I knew it! I saw this coming when I previously blogged about the Chinese establishing a bigger foothold in various parts Africa. Here is a report via the AFP:
In an attempt to stop the on going problem of piracy in the Gulf of Aden, Japan will be opening its first overseas military base in Africa. Located in Djibouti, at a cost of about 40 million dollars the base will be strategically located at the southern end of the Red Sea on the Gulf of Aden.
The base is expected to be completed early next year and is expected to strengthen overall international efforts to fight pirates from Somalia. Currently operating from an American facility, the Japanese base will house personnel and materials.
Captain Keizo Kitagawa of Japan’s Maritime Self Defense Force (MSDF) is quoted by the AFP news agency as saying “This will be the only Japanese base outside our country and the first in Africa.” Kitagawa will oversee coordination and the deployment of personnel to the region.
Kitazawa also stated that “10 percent of the Gulf of Aden’s traffic comes from Japan and 90 percent of Japanese exports depend on the crucial sea lane that was almost overrun by the marauding pirates (click here for an interactive map of Somali piracy) two years ago.” Click here for more of the story (AFP).
I believe that Japan has used Article 9 and the Yoshida Doctrine to slowly and efficiently build up its Self Defense Force while enjoying or tolerating the collective-protectionism of the United States. While some say that the US should leave Japan or get out of Asia entirely, many Asian nations do not want to see the return of “Imperial” Japanese Forces, especially forces that can go nuclear. Yes, there are current territorial disputes, false claims in textbooks, the comfort woman issue, and the huge task that Hello Kitty must take on to promote Japan, Inc. in a manner pleasing to those that fall sway to Japan’s soft power. I just wonder what Japan should do once India and China flex their power in regions strategic to the United States and Japan’s interests? Has anyone noticed the current scramble for better “relations” with Africa by the US, China, Japan, and India? What are the implications?
I guess the implication is that Japan continues to sharpen its teeth! Will this lead to further expansion in other parts of Africa?
In my Op Ed piece response to an article published by the Japan Times written by Mr. Craig Martin on Article 9 of Japan’s Constitution:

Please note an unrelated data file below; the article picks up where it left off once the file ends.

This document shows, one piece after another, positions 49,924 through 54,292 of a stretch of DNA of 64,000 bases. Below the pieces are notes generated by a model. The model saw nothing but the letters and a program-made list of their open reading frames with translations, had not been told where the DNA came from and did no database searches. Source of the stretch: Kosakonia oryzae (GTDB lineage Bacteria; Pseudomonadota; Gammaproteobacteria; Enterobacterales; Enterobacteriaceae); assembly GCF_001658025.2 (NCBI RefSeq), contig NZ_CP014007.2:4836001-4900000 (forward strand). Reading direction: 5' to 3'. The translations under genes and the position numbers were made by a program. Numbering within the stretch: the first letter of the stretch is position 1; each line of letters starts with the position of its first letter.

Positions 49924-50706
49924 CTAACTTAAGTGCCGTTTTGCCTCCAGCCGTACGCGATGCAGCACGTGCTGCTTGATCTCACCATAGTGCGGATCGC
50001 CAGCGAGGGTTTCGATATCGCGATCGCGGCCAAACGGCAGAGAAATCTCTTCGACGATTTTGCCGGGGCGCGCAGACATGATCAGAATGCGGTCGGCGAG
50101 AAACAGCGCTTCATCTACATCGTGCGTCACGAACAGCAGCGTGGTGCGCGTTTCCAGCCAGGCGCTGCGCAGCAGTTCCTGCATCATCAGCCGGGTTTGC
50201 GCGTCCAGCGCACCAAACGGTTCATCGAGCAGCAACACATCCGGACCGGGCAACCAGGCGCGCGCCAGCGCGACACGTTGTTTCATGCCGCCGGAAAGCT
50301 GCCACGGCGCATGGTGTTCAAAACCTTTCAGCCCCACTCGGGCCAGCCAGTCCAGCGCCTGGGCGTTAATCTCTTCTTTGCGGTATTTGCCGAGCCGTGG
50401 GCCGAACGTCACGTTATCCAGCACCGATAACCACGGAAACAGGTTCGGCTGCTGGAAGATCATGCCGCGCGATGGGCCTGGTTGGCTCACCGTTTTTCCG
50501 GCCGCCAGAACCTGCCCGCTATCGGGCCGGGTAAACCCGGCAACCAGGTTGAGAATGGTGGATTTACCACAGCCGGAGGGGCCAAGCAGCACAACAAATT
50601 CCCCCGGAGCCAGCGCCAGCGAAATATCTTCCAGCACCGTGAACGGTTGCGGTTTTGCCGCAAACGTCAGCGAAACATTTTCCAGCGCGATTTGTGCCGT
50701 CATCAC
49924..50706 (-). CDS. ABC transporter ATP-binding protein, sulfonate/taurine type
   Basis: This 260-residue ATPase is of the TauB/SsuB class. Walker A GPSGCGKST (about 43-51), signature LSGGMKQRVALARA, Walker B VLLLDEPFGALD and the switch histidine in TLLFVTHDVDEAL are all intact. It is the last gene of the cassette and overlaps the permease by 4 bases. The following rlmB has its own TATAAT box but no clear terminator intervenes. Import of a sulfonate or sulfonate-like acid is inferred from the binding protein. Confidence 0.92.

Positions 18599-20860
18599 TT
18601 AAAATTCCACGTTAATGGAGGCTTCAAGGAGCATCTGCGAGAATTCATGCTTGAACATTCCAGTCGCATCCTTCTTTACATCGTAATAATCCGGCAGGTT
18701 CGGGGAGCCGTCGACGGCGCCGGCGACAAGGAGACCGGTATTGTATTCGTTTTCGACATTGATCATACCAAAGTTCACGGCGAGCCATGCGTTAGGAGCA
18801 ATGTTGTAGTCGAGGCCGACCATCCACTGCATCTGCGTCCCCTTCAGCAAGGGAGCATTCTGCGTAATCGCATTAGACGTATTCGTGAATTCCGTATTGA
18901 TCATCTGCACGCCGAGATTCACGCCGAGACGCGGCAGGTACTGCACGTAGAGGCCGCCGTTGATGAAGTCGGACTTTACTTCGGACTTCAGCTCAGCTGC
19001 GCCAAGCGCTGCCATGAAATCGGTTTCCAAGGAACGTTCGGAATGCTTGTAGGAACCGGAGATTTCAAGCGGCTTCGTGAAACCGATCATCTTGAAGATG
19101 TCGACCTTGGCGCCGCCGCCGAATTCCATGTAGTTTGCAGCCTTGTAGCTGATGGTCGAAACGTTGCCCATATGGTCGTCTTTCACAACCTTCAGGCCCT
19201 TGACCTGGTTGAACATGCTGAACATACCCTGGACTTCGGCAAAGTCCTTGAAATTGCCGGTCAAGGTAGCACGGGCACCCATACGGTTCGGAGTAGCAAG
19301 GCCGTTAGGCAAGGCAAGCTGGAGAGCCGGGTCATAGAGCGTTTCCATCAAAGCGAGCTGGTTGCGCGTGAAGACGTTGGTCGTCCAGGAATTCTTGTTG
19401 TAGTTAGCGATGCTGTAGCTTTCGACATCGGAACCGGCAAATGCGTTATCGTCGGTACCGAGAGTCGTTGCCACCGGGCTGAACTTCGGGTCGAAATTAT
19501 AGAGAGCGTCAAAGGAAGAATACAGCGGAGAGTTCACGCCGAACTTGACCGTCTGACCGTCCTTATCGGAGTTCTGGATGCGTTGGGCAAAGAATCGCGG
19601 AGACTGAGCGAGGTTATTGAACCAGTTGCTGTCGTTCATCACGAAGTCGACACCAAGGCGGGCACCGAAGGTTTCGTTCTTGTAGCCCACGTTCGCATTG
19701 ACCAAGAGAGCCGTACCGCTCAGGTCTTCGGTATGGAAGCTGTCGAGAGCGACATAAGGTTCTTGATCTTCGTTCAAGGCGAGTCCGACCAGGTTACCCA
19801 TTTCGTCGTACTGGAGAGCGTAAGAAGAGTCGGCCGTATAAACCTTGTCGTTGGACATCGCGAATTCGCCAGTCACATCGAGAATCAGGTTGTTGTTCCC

… the original language used (Japanese) in the document is purposely vague/zurui (cunning). My friend disagreed. I highly believe that the language used in Art. 9 is intentionally vague in order to give the Japanese room to “reinterpret” and maneuver.
It looks like the Japanese have reinterpreted and maneuvered very well. I wonder how China and India will respond?
By the way, I sort of feel vindicated since I was slammed after writing:
I say let Japan deploy their troops overseas. I expected this debate to rear its ugly little head again when the SDF went on their test run in Iraq. The first Gulf War was an exercise in checkbook diplomacy for Japan. This time around with the Global War on Terror, Japan got their fingernails dirty so the next logical move is lend a hand.
Bottom line for me is that the relevance of an undemocratic China’s rising power and expanding role and India’s “ambition” in the international system can be deemed “dangerous” to the global interests of the United States. China will continue to challenge US foreign policy decisions by using both economic and military power (although militarily they still have some work to do). But let’s face it, the rise of China and India is unavoidable. I feel that it is in the US and Japan’s interests to have Japan return to normal status and deploy its forces overseas.
What do you think? Here are the Measures against Piracy off the Coast of Somalia and in the Gulf of Aden and detailed information on the Maritime JSDF. View the JMSDF homepage and check out the JMSDF Maritime Channel for additional information and videos..
Here is a map of the region.
Critical Sea Lanes of Communication are shown below: